Sight unseen

Earlier today the news flashed across Twitter and Facebook: a 14-year-old middle school student in a nearby suburb shot himself to death in the school bathroom. Suicide. Friends of the teen told police the boy was depressed and bullied by his peers. But police and school officials say they have found “no evidence of depression or bullying.”

Where to begin on this one? It is my hope that by saying they have found no evidence that nothing obvious has come to light — yet — or that some other reason will make itself known. Why does a 14-year-old commit suicide? I hope they are not saying that because outward appearances don’t suggest it, that it didn’t exist. Depression — and in many cases –bullying are often secretive monsters. Sometimes they prey upon their victims sight unseen to outsiders. I say these things with no pretense of being an expert. I say them as one who has walked the road.

Each and every young person who takes his or her life is a tragedy. This story and its scant details take me back.

First, I travel to my fifth year of private school in Detroit. Toward the end of the school year we had a new boy in our class. Super cute in my opinion, with sandy hair and freckles and stylish clothes. He looked like an extra on the set of “The Partridge Family.” But something was off with this boy. He reeked of neglect. Even goofy fifth-graders picked up on it. One day after school, as we were messing around in the schoolyard waiting for our rides home, this boy methodically marched into the middle of the street, tossed aside his book bag and spread himself prone on the pavement, facing skyward. We watched him do this, suspecting a joke or a trick. We watched with alarm as the driver of a station wagon slammed on the brakes and shouted out his car window at the boy, who refused to move. We continued to watch, and probably shouted and screamed enough to call a few teachers to the schoolyard. One of the male teachers pulled him to his feet and dragged him to the sidewalk. I remember spending extra time on the phone that night, whispering into the receiver to my friends while compulsively twisting the curled phone cord around my fingers.

Did that boy really want to get hit by a car?

Did you hear him say he wanted to die?

Why would a kid want to kill himself?

In my innocence, I think I developed a crush on him. I reasoned that if I became his friend, I could make him not want to kill himself. (That is a story for another day and the beginning of a lifelong attraction to sorry souls.)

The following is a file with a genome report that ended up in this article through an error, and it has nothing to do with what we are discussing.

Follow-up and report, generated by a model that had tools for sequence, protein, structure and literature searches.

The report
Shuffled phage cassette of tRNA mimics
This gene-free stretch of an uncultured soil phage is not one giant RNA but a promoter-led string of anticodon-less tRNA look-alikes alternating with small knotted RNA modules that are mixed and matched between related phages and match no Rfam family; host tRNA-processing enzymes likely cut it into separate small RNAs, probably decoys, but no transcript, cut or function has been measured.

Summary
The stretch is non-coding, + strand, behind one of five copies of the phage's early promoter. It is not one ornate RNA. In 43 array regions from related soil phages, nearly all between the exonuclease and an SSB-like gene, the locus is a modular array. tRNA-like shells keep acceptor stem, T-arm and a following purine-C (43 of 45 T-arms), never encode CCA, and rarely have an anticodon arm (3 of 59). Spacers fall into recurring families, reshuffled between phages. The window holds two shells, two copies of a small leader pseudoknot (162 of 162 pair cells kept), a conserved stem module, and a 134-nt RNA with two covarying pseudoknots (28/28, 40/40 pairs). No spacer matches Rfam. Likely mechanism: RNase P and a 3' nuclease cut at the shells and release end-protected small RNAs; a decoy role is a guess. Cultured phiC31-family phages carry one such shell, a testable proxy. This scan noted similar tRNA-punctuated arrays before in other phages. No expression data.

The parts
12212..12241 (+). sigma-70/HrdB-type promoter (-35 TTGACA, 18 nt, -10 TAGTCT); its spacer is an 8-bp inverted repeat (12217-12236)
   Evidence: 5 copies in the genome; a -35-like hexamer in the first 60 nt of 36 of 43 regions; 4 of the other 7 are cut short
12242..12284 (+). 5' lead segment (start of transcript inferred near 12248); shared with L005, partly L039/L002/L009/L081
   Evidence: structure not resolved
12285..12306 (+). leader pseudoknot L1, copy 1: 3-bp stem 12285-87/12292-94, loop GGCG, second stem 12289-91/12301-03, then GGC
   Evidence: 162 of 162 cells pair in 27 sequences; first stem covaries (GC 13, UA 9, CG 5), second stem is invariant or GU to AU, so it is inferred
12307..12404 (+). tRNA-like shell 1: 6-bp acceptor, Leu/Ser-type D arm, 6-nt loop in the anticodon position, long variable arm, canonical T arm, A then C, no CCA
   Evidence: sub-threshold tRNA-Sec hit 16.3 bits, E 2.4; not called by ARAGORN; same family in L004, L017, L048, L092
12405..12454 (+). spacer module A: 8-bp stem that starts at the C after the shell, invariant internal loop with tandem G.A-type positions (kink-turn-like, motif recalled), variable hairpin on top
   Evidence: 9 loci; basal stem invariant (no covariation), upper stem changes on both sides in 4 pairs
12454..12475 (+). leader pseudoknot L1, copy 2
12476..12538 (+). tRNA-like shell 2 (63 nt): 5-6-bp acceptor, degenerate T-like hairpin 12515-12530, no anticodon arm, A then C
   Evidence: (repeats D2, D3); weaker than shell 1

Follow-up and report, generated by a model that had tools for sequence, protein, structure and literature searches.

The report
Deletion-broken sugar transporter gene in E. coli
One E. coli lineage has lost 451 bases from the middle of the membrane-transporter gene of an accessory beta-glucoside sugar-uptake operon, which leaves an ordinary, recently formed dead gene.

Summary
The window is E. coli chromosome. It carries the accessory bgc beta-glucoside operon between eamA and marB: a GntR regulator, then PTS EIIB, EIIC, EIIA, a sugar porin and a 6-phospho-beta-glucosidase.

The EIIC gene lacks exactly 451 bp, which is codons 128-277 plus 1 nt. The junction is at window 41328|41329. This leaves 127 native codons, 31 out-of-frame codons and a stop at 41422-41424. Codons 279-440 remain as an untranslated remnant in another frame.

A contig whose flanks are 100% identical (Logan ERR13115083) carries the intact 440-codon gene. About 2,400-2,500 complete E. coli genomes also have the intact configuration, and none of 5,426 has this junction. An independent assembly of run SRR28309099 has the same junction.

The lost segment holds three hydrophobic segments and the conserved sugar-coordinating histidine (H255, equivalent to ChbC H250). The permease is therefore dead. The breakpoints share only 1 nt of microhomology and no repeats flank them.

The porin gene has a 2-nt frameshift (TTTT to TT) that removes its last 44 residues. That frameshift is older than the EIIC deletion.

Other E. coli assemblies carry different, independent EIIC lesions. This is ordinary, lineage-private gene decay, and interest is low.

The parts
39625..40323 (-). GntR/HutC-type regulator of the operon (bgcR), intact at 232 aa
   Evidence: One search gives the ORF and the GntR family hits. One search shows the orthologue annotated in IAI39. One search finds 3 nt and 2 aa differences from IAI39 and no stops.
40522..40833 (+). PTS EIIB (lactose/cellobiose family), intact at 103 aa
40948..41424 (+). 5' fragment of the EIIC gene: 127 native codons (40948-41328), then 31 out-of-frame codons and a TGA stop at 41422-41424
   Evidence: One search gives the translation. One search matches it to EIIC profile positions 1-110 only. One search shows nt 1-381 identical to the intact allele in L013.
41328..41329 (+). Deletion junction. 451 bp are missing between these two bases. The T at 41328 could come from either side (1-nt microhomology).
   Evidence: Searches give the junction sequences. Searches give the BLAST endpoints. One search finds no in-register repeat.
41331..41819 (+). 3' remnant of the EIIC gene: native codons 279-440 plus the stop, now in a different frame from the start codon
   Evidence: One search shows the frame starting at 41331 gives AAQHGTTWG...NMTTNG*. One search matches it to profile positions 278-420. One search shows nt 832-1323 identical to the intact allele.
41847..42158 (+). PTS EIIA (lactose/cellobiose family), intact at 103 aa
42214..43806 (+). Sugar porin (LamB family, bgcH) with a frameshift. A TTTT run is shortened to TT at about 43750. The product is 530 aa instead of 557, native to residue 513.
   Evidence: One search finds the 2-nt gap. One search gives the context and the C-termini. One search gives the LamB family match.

Which takes me to another place, one in which I befriend a man when both of us were embroiled in our divorces. We often took long walks to air our grievances, curse our former spouses, and I thought, prop each other up emotionally. I thought wrong. On a warm September afternoon he helped me return a truckload of borrowed furniture. We took particular pleasure in tossing the chairs and tables carelessly into my ex-husband’s condo, and on the way back to my apartment, truck windows rolled down, the wind whipping our hair into our faces as we laughed and laughed, I felt glimmers of hope for life after divorce. We promised to meet for lunch the following week. Two days later he hanged himself in his basement. For a long time, I couldn’t get out of my head the idea that I’d lent him a length of rope at our last meeting, which we used to secure the truck gate and which he kept. Everyone said it was a fluke, that rope is rope. You can’t wonder about what rope he used. He would have found a way.

Depression is a tricky thing. There are varying degrees. Many people are obviously depressed. Others are functional, smiling their way through the day while slowly dying on the inside. Bullying too, is elusive at times, as many victims suffer deep shame and take measures to hide it or justify it.

Depression is the stray black dog that follows me through life. I can’t outrun him. I learned to stop feeding him, though, because he’s on the move. Here today, gone tomorrow, back again next week. I have the wisdom at this age to know nothing lasts forever.  Most fifth-graders and most 14 year olds have not reached that understanding. How do we stop this from happening to our young people? How do we look beyond the obvious to the demons sight unseen?

The dressing down, issued
by a 7-year-old CEO

Mom, you need to get a job.

But I do have a job.

What is your job?

(This is where I explain what I do, and that it is work. I have assignments, must meet deadlines, and I get paid to do it. I work from my home office, at the coffee shop or the public library.)

But that is not real work like what daddy does.

Why is it not real?

Well, because you’re just on your computer, like always. You should be building something or in a store or something.

Some people work on computers all day. Mommy used to work in a building on a computer all day.

It just doesn’t seem like you do anything.

What about all the stuff mommy does at home? Shop, cook, clean, laundry, shovel snow, gardening, pay bills, take care of you? Is that not work?

That’s just stuff parents do.

So, you don’t want mommy home in the morning to help get you to school? or after school, to help with homework and projects, or take you to the library?

I could go to latchkey. (She says with a light in her eyes.)  I just think you should get a job.

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There it is. My seven-year-old, channeling Marissa Mayer